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Sturge weber syndrome: a case report with clinical and radiological features.

INTRODUCTION: Sturge-Weber syndrome (SWS) belongs to a group of disorders collectively known as the phakomatoses ("mother-spot" diseases). It consists of congenital hamartomatous malformations that may affect the eye, skin, and central nervous system (CNS) at different times, characterized by the combination of venous angiomas of leptomeninges, face, jaws and oral soft tissues. [1] SWS was first described by Schirmer in 1860. More specific description was given by Sturge in 1879. [2] SWS is believed to be caused by the persistence of vascular plexus around the cephalic portion of the neural tube. This plexus develops during the sixth week of intra uterine development but normally undergoes regression during ninth week. [3]

Angiomas of leptomeninges are usually unilateral, located in parietal and occipital region. The presence of angioma results in alteration of vascular dynamics causing precipitation of calcium deposits in cerebral cortex underlying the angioma. Seizures, mental retardation, hemiplegia, or hemiparesis may develop secondary to this and their severity depends on the extent of lesion. [4]

The cutaneous angiomas are called port wine stains, which usually occur unilaterally along dermatomes supplied by the ophthalmic and maxillary division of trigeminal nerve. It may be bilateral or totally absent or may extend to neck, limbs and other parts of the body. [4] Involvement of the area supplied by ophthalmic division is pathognomic.

Ocular involvement can result in glaucoma, choroidal hemangioma, bupthalmos, or hemianopis. [5] Intraoral angiomatosis may involve lips, buccal mucosa, palate, gingiva, and floor of mouth. This syndrome is of rare occurrence and management becomes complicated due to risk of hemorrhage.

CASE REPORT: A 13-year-old female patient reported to the department of radio-diagnosis from skin OPD for MRI Brain with chief complaints of reddish discoloration on forehead, seizures and low intelligence. History revealed that the reddish discoloration (port wine stain) was present on her face since birth and was gradually darkening with age. She was youngest of the three siblings born at full term by normal delivery. Family history was noncontributory. Patient was illiterate.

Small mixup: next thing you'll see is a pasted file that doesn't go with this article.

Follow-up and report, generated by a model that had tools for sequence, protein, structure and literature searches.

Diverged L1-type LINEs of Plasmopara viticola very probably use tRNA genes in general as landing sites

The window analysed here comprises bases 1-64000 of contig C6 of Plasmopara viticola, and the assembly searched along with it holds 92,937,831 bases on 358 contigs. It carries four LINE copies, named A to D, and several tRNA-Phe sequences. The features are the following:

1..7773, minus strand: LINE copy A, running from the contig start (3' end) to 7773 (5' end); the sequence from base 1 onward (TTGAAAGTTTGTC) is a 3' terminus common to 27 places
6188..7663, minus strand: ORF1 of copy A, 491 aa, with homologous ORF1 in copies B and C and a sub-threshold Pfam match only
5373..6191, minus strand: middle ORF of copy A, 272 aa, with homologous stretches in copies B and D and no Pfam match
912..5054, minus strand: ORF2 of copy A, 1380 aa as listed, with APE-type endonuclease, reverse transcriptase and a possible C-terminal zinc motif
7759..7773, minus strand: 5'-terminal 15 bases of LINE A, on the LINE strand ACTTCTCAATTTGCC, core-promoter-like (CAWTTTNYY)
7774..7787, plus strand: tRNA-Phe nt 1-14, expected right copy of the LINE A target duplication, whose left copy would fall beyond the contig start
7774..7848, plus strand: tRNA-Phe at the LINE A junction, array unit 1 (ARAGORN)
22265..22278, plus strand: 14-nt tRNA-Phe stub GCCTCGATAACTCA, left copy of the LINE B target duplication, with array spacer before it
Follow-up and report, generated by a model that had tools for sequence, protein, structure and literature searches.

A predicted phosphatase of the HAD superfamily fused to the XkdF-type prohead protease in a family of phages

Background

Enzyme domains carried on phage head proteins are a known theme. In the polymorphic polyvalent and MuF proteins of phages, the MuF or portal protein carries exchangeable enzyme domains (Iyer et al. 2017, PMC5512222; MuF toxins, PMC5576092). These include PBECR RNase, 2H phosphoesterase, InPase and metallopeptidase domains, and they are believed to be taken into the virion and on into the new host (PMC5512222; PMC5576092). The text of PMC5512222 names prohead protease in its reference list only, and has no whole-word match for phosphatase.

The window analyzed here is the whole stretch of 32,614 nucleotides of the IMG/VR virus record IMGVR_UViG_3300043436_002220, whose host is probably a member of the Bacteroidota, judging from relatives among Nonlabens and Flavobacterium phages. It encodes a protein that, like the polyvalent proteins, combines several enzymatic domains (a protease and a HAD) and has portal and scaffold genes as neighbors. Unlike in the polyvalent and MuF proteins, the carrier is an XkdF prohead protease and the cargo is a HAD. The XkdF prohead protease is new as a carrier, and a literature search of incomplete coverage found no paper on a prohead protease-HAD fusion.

There was visible sign of mental retardation and patient had history of convulsions. Examination revealed that the port wine stain involving middle of forehead. [Fig.1] On radiological examination, X-ray showed the tram-track type calcification in the parietal lobe. [Fig. 2] CT scan revealed atrophy involving right cerebral hemisphere with prominent sub-arachnoid spaces, predominantly involving the fronto-parietal lobes with evidence of tram-track or gyriform calcification pattern seen in right parietal lobe. [Fig. 3a, b, c]

MRI scan revealed atrophy involving right cerebral hemisphere with prominent right choroid plexus and sub-arachnoid spaces, predominantly involving the fronto-parietal lobes with evidence of tram-track or gyriform calcification pattern seen in right parietal lobe. [Fig. 4a, b, c] With the help of clinical and radiological findings a diagnosis of sturge weber syndrome was made.






DISCUSSION: Port wine stains represent hamartomatous capillary malformations and are named so due to the deep red hue that they leave on the skin or mucosa. [6] Such lesions characteristically bleed profusely when traumatized. In our case, the patient had port wine stain on her forehead. Not all patients with facial port wine stains have Sturge--Weber angiomatosis.

Only patients with involvement along the distribution of the ophthalmic branch of trigeminal nerve are at risk for the development of full condition. [3]

SWS is referred to as complete when both CNS and facial angiomas are present and incomplete when only one area is affected without the other. The Roach scale [7] is used for classification:

Type I: Both facial and leptomeningeal angiomas; may have glaucoma.

Type II: Facial angiomas alone; may have glaucoma.

Type III: Isolated leptomeningeal angiomas; usually no glaucoma.

Our patient had only facial angioma which comes under Type II of SWS according to Roach scale. Differential diagnosis includes (1) Rendu-Oslar-Weber syndrome-Hereditary condition characterized by abnormal dilatation of terminal vessels of skin, mucosa and occasionally viscera. Epistaxis is most common. (2) Angio-osteodystrophy syndrome-characterized by port wine stains on face, varices and hypertrophy of bones. (usually long bones) (3) Maffuci's syndrome-characterized by multiple angiomas of skin and chondromas of bone. (4) Von Hippel Lindau disease--a familial syndrome involving hemangioblastoma in retina and cerebellum. (5) Klippel Trenaumy-Weber syndrome--is a syndrome characterized by combination of capillary malformation, soft tissues, bone hypertrophy and venous malformations. [4,8]